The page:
Dhal (Lentil Soup) with Pumpkin and Coconut Milk

I actually had to bake this soup in an oven proof baking dishes since the gas on my stove finished, just in the middle of my cooking! I panicked a little since I was having guests over but I thought...well the only thing the soup needs is heat and I  have an electric oven right? So I poured the soup in lots of oven proof baking dishes and continued cooking. The soup came out wonderful actually and although I wouldn't recommend this method, it is fine when in a crisis!

I am very fond of Indian dhals since they are often mild, very filling and this one has a slightly sweet finish. Pumpkins are full of vitamin C and lentils are packed with fibre, iron, protein, folate, magnesium and more and are excellent for our heart. Pumpkins are usually around in November so don't miss the chance to buy a fresh, organic one if available. I love making this soup late November when there is sleet on the windows, and a hurricane force gale outside (very typical November day in Iceland).

You will need a food processor or a blender/hand blender to make this recipe.


A mild and filling soup, perfect for the whole family

This recipe is:

  • Egg free
  • Gluten free
  • Lactose (dairy) free
  • Nut free
  • Vegan

Dhal (Lentil Soup) with Pumpkin and Coconut Milk

Serves 3-4


  • 2 cloves garlic, crushed or chopped finely
  • 1 small piece (equal to a small grape) fresh ginger, chopped finely
  • 1 chilli (red), chopped finely
  • 2 onions, chopped finely
  • 2 celery stalks, chopped finely
  • 2 cloves
  • 1 cinnamon stick
  • 1 tablespoon tomato puree
  • 1 tablespoon coconut oil
  • ½ teaspoon nutmeg
  • ½ teaspoon agave nectar (or raw cane sugar)
  • 1 teaspoon salt (Himalaya or sea salt) or 1 yeast free vegetable stock cube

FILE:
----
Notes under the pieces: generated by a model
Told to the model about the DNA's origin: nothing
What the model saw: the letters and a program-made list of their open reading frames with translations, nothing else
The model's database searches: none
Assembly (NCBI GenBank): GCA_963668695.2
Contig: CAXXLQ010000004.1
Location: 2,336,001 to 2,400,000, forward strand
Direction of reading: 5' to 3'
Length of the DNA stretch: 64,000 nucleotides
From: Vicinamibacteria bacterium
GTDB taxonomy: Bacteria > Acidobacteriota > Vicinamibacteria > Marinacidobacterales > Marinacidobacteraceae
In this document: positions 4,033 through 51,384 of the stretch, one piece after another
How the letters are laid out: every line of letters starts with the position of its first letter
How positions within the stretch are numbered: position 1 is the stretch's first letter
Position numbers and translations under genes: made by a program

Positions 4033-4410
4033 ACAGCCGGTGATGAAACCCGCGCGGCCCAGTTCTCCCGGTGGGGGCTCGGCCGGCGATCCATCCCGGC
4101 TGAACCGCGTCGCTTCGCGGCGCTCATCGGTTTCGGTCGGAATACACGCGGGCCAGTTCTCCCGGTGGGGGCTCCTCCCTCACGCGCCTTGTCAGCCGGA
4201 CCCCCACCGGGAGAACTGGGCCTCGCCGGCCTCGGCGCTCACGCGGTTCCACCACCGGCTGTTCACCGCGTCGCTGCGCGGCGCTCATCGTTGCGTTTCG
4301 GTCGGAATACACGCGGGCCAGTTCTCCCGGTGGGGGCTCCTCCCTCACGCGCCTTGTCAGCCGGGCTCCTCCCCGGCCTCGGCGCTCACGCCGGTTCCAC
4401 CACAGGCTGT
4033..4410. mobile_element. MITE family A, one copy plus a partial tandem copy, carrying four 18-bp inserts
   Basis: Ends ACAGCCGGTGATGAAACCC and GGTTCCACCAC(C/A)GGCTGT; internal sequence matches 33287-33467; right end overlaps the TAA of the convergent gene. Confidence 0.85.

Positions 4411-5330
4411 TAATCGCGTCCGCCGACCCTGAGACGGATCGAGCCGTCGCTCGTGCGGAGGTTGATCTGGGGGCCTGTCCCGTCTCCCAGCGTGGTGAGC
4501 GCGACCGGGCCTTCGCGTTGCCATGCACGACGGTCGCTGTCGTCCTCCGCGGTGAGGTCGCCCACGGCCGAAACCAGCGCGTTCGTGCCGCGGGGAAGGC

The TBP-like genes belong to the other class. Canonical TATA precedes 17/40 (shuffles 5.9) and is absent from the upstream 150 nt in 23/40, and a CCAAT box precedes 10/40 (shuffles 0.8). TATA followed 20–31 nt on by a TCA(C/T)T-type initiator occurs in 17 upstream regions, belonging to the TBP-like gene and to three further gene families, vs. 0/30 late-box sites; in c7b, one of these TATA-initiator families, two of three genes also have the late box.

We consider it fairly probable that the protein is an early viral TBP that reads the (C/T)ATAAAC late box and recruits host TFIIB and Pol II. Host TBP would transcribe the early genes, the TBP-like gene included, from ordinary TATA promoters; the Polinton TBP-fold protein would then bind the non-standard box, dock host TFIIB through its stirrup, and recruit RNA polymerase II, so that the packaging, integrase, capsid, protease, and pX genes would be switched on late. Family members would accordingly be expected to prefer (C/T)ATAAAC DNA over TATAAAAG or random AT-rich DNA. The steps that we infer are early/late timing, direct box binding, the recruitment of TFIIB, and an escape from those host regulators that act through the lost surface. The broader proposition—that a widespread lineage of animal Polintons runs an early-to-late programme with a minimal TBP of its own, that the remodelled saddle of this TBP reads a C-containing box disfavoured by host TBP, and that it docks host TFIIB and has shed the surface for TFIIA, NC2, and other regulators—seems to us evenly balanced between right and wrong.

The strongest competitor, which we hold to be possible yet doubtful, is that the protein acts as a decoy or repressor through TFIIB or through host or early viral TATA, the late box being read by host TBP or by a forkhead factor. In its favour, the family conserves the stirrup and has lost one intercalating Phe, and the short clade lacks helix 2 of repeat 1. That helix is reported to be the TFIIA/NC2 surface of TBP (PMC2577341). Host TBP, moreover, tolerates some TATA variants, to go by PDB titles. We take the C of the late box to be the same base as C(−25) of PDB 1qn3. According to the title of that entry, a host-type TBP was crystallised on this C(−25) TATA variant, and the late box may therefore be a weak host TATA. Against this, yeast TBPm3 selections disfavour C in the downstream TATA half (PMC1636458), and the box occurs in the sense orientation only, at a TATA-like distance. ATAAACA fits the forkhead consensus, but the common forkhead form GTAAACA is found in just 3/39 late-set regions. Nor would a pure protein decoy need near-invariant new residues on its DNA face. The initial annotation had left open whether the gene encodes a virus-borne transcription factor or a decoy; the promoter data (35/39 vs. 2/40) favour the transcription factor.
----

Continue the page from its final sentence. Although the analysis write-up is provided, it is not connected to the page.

• 500 grams (17½ oz) pumpkin or winter squash. Weight is measured before peeling
  • 200 grams (7 oz) lentils (brown)
  • 1 litre (34 fluid oz) water
  • 400 millilitres (24 fluid oz) coconut milk


  1. Crush 2 garlic cloves.
  2. Peel the small piece of ginger (the skin is very thin, you can scrape it off with a teaspoon or a small knife) and chop finely.
  3. Slice the chilli in halves, scoop out the seeds and membranes and chop finely.
  4. Chop the 2 onions and 2 celery stalks finely.
  5. Heat 1 tablespoon coconut oil in large a saucepan.
  6. Add the chopped onion and fry for 5 minutes or until fragrant. Add a couple of tablespoons water if needed.
  7. Add 1 cinnamon stick, 2 cloves, 2 crushed garlic cloves, chopped ginger, chopped chilli and chopped celery. Heat for 5 minutes or until very fragrant. The aroma should be spicy and delicious.
  8. Wash lentils in a big bowl. Drain with a sieve.
  9. Add 1 tablespoon tomato puree into the saucepan and the washed lentils and turn the heat up.
  10. Add 1 litre water. Boil for 10 minutes. There will be some foam on top of the soup, remove with a large wooden spoon.
  11. Add 1 teaspoon salt and if you feel the soup needs extra taste, add the vegetable stock cube into the soup.
  12. Turn the heat down to low and allow the soup to simmer for 1 hour or until the lentils have become quite soft.
  13. While the soup is cooking prepare the 500 grams pumpkin or squash.
  14. Peel the pumpkin or squash, scoop out the seeds and cut into 1-2 centimetre (0,4-0,8 inches) pieces. Put into a saucepan along with the ½ teaspoon agave nectar and ½ teaspoon nutmeg.
  15. Add the 400 millilitres coconut milk and turn the heat up. Allow to simmer for 30-40 minutes or until the pumpkin pieces are quite soft.
  16. Blend the pumpkin pieces with a hand blender or in a food processor.
  17. The 2 cloves and 1 cinnamon stick should be removed at this stage but don't worry if you can't find it, just be careful not to bite into the clove as it has quite a strong taste.
  18. Now the lentils should be cooked. Blend for 5-10 seconds with a hand blender for a smooth texture.
  19. Pour the pumpkin mix into the lentil soup. Turn the heat up and allow to simmer for 5 minutes. You can also pour the lentil soup into bowls and the pumpkin mix on top.


  • Serve with chapati bread.
  • The soup is even better the next day once the flavours have really settled. Pour the soup into plastic containers and re-heat the next day.
  • For a thinner soup add more water.     
  • If the coconut oil is cold (in which case it becomes solid), place the jar in a bowl filled with hot water for a couple of minutes.         
  • You can use regular stock cubes instead of yeast free ones.
  • You can use chicken stock instead of vegetable stock.     
  • The soup can be frozen and reheated later. 
  • You can use butternut squash instead of winter squash or pumpkin.